Kick It Out has reported another instance of "disgraceful anti-Irish and sectarian abuse" aimed at James McClean to the Football Association.
The Stoke City winger started their scoreless draw at home to Millwall on Saturday, where he was reportedly the target of discriminatory abuse by the away fans.
McClean has been subject to such abuse throughout his career in England to the point where it's becoming a weekly occurrence, according to the PFA [Professional Footballers' Association].
Anti-discrimination body Kick It Out released a statement today saying the current situation can't continue for the sake of McClean and his family's wellbeing.
"James McClean was once again subjected to disgraceful anti-Irish and sectarian abuse this weekend," they said.
"We have informed The FA so they can investigate but we reiterate – the abuse he continues to receives is absolutely unacceptable and shames our game.
"We have been in constant contact with Stoke City and James, as we continue to offer our full support.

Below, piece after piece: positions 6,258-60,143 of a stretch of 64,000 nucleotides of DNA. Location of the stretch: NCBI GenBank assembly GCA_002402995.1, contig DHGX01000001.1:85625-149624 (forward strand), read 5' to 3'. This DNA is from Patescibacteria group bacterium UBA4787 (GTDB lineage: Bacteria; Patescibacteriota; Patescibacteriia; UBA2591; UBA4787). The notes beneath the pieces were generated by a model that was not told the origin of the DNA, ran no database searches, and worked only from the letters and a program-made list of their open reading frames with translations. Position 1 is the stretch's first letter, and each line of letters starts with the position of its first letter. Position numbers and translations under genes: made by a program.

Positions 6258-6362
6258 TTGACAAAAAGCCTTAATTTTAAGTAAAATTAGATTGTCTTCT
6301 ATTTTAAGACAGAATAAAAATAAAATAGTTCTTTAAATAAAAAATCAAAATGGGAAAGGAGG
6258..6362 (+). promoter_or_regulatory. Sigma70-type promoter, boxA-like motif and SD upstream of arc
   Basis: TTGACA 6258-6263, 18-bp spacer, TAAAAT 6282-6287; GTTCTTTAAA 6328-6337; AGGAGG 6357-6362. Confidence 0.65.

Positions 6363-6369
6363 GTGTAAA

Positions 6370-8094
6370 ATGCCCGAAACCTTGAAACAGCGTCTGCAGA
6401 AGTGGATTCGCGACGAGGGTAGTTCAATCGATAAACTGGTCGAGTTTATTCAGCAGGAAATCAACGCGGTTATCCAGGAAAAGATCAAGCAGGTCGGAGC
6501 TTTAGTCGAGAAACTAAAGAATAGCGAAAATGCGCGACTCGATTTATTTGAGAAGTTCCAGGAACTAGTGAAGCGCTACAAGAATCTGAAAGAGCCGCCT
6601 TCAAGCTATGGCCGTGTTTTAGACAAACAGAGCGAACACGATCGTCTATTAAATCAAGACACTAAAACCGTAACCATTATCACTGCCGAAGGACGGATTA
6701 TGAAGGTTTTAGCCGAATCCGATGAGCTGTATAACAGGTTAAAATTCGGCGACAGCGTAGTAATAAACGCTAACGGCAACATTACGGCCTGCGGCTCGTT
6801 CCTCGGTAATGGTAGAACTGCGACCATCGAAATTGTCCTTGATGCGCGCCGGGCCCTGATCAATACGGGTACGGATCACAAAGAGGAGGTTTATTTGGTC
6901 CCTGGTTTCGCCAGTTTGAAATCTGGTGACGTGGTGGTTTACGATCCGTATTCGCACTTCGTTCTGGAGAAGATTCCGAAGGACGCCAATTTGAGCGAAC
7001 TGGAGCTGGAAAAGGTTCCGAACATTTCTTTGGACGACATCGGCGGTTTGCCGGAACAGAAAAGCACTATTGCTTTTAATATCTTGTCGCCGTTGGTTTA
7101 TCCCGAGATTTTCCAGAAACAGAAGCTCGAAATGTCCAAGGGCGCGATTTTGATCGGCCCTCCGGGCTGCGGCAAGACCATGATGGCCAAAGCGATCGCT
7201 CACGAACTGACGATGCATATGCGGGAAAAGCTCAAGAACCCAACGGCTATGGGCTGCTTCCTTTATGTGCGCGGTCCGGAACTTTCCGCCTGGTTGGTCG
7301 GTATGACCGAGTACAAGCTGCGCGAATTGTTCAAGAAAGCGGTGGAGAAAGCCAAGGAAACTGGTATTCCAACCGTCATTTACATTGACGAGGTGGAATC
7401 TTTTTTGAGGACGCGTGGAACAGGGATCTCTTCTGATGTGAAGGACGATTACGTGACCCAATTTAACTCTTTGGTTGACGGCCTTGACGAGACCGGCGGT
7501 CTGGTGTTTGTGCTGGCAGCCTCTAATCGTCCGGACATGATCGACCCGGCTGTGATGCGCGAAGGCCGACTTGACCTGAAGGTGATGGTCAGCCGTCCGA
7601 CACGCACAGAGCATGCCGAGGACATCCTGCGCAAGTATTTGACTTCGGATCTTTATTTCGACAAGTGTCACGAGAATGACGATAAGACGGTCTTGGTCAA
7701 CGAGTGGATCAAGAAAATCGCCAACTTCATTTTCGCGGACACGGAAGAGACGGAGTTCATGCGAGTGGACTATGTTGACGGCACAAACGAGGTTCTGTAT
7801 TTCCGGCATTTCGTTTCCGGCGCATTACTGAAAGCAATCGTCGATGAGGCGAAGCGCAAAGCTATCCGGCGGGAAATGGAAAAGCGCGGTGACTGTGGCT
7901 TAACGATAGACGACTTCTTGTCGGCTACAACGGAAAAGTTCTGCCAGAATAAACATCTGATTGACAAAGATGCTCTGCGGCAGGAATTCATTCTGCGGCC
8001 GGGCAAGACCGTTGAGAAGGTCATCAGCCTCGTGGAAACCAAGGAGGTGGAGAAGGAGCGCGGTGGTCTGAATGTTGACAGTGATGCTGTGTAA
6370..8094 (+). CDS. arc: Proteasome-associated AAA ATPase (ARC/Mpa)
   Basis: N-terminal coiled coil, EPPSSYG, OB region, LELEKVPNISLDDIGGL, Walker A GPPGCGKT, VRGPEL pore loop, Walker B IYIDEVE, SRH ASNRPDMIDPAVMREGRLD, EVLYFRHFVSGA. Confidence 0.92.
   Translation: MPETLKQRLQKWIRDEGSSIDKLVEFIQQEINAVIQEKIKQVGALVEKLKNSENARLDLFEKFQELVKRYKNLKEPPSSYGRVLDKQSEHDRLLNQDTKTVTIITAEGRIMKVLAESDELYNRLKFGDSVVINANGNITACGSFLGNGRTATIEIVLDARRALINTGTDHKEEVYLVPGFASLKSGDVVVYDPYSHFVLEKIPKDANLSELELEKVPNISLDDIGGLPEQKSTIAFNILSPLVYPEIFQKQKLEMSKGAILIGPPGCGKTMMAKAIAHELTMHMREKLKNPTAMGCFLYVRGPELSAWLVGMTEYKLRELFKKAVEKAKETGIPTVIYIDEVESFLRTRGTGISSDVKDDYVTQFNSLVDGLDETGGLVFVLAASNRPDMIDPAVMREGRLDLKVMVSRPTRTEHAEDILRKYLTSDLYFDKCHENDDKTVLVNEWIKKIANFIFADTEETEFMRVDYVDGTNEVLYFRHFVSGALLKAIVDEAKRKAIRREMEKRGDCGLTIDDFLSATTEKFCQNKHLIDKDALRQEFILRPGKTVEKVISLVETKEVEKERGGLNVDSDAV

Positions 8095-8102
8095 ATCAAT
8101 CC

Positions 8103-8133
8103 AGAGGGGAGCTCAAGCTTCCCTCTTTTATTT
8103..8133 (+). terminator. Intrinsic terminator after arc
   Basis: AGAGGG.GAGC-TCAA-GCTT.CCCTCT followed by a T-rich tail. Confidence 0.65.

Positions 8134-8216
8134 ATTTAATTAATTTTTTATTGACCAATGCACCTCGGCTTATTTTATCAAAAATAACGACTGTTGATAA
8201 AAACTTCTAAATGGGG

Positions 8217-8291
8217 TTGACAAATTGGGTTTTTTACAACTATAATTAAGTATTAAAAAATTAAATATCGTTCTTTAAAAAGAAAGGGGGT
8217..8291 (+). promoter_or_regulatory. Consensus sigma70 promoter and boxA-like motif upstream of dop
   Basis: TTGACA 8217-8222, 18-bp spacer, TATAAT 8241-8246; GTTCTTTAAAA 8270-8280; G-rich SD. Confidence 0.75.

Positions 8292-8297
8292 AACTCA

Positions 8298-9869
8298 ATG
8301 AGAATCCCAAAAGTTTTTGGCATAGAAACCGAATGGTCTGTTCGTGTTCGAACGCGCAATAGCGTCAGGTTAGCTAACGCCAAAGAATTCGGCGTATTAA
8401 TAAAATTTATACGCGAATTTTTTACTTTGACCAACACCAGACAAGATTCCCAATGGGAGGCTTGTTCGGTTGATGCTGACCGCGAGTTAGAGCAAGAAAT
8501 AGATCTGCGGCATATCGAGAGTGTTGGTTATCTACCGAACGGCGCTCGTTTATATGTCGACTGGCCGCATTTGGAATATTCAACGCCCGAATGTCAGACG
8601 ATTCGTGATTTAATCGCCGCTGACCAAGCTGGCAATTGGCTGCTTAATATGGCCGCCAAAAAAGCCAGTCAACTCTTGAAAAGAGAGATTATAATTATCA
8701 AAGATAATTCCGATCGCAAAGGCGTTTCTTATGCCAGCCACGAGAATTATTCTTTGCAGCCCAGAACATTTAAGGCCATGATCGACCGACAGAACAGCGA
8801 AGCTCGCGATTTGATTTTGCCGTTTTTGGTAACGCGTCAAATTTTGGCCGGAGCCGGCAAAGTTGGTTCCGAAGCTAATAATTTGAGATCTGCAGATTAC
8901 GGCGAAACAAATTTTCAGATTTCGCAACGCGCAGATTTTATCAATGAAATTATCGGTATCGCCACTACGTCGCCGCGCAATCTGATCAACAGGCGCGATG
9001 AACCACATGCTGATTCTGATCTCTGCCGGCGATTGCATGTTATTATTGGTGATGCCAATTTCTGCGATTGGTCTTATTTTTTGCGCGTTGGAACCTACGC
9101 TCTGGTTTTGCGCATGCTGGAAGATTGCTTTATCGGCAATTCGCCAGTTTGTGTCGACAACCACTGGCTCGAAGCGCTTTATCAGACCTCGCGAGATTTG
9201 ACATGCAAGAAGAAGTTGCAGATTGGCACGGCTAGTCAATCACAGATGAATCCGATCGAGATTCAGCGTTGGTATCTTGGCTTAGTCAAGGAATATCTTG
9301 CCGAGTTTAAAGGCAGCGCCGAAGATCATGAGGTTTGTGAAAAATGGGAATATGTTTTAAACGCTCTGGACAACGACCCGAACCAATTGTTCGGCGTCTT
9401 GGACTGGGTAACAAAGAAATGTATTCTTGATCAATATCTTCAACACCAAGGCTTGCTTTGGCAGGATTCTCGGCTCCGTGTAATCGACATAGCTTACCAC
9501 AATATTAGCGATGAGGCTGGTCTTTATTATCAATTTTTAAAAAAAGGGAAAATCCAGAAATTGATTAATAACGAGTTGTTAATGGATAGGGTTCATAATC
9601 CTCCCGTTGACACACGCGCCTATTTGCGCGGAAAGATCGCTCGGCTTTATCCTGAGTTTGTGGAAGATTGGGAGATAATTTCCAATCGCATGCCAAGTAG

McClean has been the target of chants in Championship games at Huddersfield and Barnsley this season, with the latter charged by the FA in connection with allegations of sectarian abuse.
Stoke issued a statement on Friday to reiterate their support for McClean.
The PFA tweeted yesterday that they're working to facilitate a united approach to tackling the issue.
"We have already been in contact with The FA and James directly regarding incidents yesterday, we will be following up with both clubs and all other relevant footballing bodies," they said.
"We want to see a strong response - offenders need to be identified and punishments issued.
"There is no justification for this or any other type of abuse and the PFA stands fully beside every player who faces discrimination."
McClean, from Derry, has become a target for some fans in the UK over his refusal to wear a remembrance poppy out of respect for those who were killed by British soldiers in the city on Bloody Sunday in 1972. He has received death threats over his stance.